The 9 Biggest Moments For African Tech In 2017

Written by Tom Jackson

It was another landmark year in the development of the African tech sector, with major launches, big funding rounds and significant buyouts.

Here, we wrap up the best bits of 2017.

GetSmarter acquired

Global ed-tech company 2U acquired South African company GetSmarter, which offers short-term online certification courses to distance-learning students, in May this year. It is one of the major acquisitions to have taken place in the African tech space, with the price tag for the deal placed at $103 million.

Jack Ma’s money

Alibaba founder Jack Ma visited Africa for the first time in May, attending an event in Rwanda. He used his speech to announce plans to launch a $10 million African Young Entrepreneurs Fund to back local startups. He’s also been as good as his word, with a host of African startups recently picked to take part in an Alibaba-run programme.

The Andela round

Coding school Andela in October secured one of the biggest funding rounds ever raised by an African tech startup, securing $40 million in Series C funding to take its total funding to over $80 million. The money will be used to help the company expand into new markets.

Zipline takes its drones to Tanzania

U.S. company Zipline, which uses drones to deliver blood and urgent medical supplies to rural areas, scaled up its operations in Africa this year after raising a large amount of funding. The company, which launched in Rwanda last year, expanded to Tanzania, where it will be using more than 100 drones to make up to 2,000 deliveries each day.

Googling in Africa

Google had a busy year, most notably expanding its Launchpad accelerator to Africa. It also partnered Nigeria’s Co-Creation Hub (CcHub) to run a three-week European tech hub tour, and entered into a four-way partnership to invest in a wholesale broadband infrastructure project – CSquared – designed to bring fast and reliable internet access to cities across Africa.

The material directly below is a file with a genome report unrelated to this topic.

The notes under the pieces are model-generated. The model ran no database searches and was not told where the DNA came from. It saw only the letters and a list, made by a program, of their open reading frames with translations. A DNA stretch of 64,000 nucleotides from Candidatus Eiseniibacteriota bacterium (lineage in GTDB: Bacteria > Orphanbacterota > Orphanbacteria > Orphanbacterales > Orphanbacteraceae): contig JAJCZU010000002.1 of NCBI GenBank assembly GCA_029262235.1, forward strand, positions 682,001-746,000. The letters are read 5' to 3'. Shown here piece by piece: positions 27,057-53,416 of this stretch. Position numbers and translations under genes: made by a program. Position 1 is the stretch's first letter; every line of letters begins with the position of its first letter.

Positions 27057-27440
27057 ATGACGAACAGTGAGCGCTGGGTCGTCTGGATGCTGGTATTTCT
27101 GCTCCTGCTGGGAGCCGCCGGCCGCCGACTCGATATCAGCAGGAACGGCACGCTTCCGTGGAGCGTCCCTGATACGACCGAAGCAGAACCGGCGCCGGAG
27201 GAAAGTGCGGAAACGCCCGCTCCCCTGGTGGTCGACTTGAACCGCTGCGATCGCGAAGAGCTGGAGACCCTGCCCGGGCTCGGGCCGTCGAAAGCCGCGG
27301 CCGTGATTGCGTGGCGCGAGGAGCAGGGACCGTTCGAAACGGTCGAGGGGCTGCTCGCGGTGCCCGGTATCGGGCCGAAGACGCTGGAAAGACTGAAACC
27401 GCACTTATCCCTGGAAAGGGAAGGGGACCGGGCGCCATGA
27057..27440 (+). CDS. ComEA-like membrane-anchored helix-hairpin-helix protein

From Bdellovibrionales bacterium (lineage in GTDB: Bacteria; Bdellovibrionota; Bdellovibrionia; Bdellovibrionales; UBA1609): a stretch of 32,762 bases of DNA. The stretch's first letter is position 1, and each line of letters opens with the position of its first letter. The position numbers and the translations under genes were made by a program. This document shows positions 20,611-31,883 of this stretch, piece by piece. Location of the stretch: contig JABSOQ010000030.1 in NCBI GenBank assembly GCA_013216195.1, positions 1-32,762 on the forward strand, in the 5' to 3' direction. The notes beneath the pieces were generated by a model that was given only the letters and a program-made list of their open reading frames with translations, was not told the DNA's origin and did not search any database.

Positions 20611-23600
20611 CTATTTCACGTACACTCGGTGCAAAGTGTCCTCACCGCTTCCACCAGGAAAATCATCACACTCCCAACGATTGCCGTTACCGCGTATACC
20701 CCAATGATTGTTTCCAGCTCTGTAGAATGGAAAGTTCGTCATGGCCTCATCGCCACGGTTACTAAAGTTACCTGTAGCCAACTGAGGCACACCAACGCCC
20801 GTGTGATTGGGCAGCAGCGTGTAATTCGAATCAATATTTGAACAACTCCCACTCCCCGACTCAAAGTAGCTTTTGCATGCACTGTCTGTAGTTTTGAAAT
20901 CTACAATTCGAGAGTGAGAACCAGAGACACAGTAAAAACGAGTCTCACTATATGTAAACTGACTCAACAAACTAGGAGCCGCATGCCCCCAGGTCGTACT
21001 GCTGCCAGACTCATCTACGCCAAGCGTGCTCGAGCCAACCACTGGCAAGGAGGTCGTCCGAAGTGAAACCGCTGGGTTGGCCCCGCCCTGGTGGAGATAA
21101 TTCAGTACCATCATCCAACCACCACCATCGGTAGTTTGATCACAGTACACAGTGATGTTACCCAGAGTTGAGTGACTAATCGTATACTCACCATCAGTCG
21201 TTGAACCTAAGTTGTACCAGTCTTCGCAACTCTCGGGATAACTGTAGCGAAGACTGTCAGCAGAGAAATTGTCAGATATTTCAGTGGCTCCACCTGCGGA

Safaricom goes into e-commerce

Kenyan mobile operator Safaricom entered the e-commerce space in November with the launch of Masoko. It signals the company’s ambition to go head to head with the likes of Jumia as it diversifies its offering.

Taxify rivals Uber

Estonian taxi app Taxify is going all out to beat Uber by expanding across Africa. It expanded to its latest African city – Kampala – in October, and has also integrated M-Pesa payments in Kenya, and launched luxury service Taxify Comfort.

Big bucks for solar

East African pay-as-you-go solar firm M-KOPA Solar once again scored big in 2017, securing $80 million in expansion funding as it looks to expand to new markets and offer new products. In general it was a good year for solar companies, with BBOXX, SolarNow and Oolu also raising large funding rounds.

Welcoming the World Bank

Even the World Bank is getting excited about Africa’s startup scene, having launched its XL Africa programme early in the year. The programme offered startups access to a tailor-made curriculum and the chance to receive mentoring from global and local experts. It received more than 900 applications. Twenty startups were eventually chosen to take part.

Tom Jackson is co-founder of Disrupt Africa, a news and research company focused on the African tech startup ecosystem.